Bald Eagle nest sites in 1974
Bald Eagle nest sites in 2019


WI DNR Eagles in Wisconsin

 With a ban on DDT in 1972 and the passing of the Endangered Species Act in 1973, eagles and other species began their slow recovery, and a count in 2019 found more than 70,000 pairs of eagles across the country, with 1,695 in Wisconsin – a true avian success story.
The excitement over Milwaukee County’s pair of eagles was short-lived. In early April the female eagle was found on the ground, in distress. She was taken to the rehabilitation center at the Wisconsin Humane Society, but veterinarians there were not able to save her. Tests showed that the she had died from EA H5 Avian Influenza, which affects a bird’s respiratory, nervous, and digestive systems.  
It’s very likely that migrating birds brought EA H5 Avian Influenza (also known as “highly pathogenic avian influenza (HPAI) Eurasian H5 strain”) to North America in early 2022. The disease apparently leapt across the North Atlantic from Europe, appearing in Newfoundland in December of 2021, and in January of 2022, it was found in an American Wigeon duck in South Carolina. The genie was out of the bottle.  
Avian influenza has been making headlines in Wisconsin and nationally because the disease has been found in commercial poultry operations and in backyard flocks here and in 32 other states. The EA H5 Avian Influenza is a highly infectious strain, and the present outbreak is considered the worst in almost a decade. Poultry flocks are exposed by contact with infected wild birds or their droppings. Of the 23 million birds that have died as a result of Avian Influenza, most have been domestic fowl at poultry farms, and many of those were birds that were culled to prevent the spread of the disease. 
Unfortunately, Avian Influenza is not restricted to domestic birds. Raptors and waterfowl are especially vulnerable to this strain (there have also been a few deaths reported in crows), but songbirds seem to be at a much lower risk of infection. Avian Influenza has caused a large die-off of Snow Geese in the Great Plains, and as of mid-April, the deaths of more than 36 eagles, both adults and nestlings, have been documented from 14 states. The disease is expected to affect vultures (and more eagles) as they home in on dead waterfowl.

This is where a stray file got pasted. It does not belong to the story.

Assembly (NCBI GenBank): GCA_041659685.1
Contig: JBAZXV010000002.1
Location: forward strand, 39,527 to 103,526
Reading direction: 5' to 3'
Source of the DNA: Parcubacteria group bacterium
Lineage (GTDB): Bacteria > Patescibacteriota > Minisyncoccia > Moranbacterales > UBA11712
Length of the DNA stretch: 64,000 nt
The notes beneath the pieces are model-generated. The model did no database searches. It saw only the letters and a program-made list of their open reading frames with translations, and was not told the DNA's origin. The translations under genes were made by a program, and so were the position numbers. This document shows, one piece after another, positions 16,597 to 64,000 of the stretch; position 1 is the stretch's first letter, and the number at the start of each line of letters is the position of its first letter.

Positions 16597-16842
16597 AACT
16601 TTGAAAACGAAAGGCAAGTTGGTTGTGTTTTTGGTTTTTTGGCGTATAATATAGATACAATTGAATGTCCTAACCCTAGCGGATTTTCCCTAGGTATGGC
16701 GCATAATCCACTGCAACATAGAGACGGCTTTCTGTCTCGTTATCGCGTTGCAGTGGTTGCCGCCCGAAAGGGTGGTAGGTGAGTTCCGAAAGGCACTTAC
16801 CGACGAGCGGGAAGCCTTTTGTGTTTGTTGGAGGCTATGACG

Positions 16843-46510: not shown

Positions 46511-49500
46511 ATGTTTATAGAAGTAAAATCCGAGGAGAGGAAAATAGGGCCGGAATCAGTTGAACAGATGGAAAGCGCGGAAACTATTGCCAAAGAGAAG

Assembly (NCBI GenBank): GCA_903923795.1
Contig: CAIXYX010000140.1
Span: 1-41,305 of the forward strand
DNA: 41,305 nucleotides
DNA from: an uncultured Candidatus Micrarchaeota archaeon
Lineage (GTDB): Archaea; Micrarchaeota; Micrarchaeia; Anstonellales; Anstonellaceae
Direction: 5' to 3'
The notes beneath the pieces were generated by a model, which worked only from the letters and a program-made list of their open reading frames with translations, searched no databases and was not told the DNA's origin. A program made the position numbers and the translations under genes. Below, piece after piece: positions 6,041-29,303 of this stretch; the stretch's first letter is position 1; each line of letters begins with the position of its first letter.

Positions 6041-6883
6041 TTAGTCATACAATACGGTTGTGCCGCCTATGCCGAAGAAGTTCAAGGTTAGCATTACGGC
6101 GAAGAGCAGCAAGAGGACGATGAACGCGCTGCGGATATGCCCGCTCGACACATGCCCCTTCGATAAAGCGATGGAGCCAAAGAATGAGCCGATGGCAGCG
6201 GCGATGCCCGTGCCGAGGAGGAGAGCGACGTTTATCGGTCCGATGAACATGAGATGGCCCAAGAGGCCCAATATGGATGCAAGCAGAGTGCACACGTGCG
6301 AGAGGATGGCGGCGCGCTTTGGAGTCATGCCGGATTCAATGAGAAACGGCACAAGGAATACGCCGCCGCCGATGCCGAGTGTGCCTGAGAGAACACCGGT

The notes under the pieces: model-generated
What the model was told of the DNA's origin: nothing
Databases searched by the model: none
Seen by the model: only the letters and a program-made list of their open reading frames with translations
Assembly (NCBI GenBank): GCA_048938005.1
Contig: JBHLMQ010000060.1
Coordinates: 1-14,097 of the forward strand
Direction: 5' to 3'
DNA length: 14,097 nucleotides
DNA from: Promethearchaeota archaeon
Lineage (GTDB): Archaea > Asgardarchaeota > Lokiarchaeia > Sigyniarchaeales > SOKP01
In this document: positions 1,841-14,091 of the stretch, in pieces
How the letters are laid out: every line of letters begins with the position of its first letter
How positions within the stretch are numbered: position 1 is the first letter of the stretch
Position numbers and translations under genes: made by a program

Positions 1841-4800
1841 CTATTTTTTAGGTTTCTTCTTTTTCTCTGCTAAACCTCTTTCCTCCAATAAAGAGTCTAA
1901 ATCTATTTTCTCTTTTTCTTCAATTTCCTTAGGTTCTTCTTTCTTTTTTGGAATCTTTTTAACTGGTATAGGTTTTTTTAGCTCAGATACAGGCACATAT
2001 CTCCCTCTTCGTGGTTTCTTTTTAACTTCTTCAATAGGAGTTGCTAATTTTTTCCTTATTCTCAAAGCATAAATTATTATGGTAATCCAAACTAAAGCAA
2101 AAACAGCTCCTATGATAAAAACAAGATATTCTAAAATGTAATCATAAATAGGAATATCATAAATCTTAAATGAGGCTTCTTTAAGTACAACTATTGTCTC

Scientists fear that the EA H5 Avian Influenza is unlikely to burn itself out like previous strains have done and that it may persist in wild bird populations in America as avian influenzas have done in other parts of the world. Unfortunately, as a disease like this circulates in bird populations long term, the possibility of it jumping to new species increases.  
At the time of this writing, experts are not recommending that people stop feeding birds, unless your feeder is near a pond and attracts wild ducks, or unless it is visited regularly by hawks. For now, follow normal feeder hygiene, keeping feeders and bird baths disinfected and not allowing a big build-up of seed or bird droppings on the ground. Domestic flocks should stay inside or in an enclosure where they don’t come in contact with wild birds.  
The DNR would like to know if you find sick birds, birds that have tremors, are holding their heads in an odd position or are circling on the ground.  These reports can be made to the DNR Wildlife Hotline by emailing or by leaving a voicemail message for a return phone call at 608-267-0866. Do not handle sick or dead birds with bare hands.  
For more information about Avian Influenza, click here

WI DNR Information on Avian Influenza.

Madison Audubon

National Public Radio


There are more than 4,000 species of native bees in North America, and they pollinate native plants, ornamentals, and farm crops, alike. Native bees are considered “keystone species” because of the profound effect they have on their ecosystems, tending the plants that produce the fruits, seeds, nuts, and leaves that feed and shelter birds and other animals. Imagine what the landscape would look like if the pollinators disappeared!  
Of the 400 species of native bees in Wisconsin, the 15 species of bumble bees are the most conspicuous, especially when large queen bumble bees are foraging on early spring wildflowers. Bumble bees live communally, and these queens care for the first crop of workers that will take over defense, foraging, and the maintenance of the colony’s nest and nursery. Other pollinators include butterflies, moths, wasps, beetles, flies, ants, and even hummingbirds.  

  1. For a long time (and despite what their eyes told them), scientists thought that it was mathematically impossible for bumble bees to fly. Bumble bees’ bodies are plump, and their wings are very small for their bulk. Researchers finally discovered the trick -- bumble bees can fly because instead to flapping their wings up and down, the bees “row” from front to rear with their wings.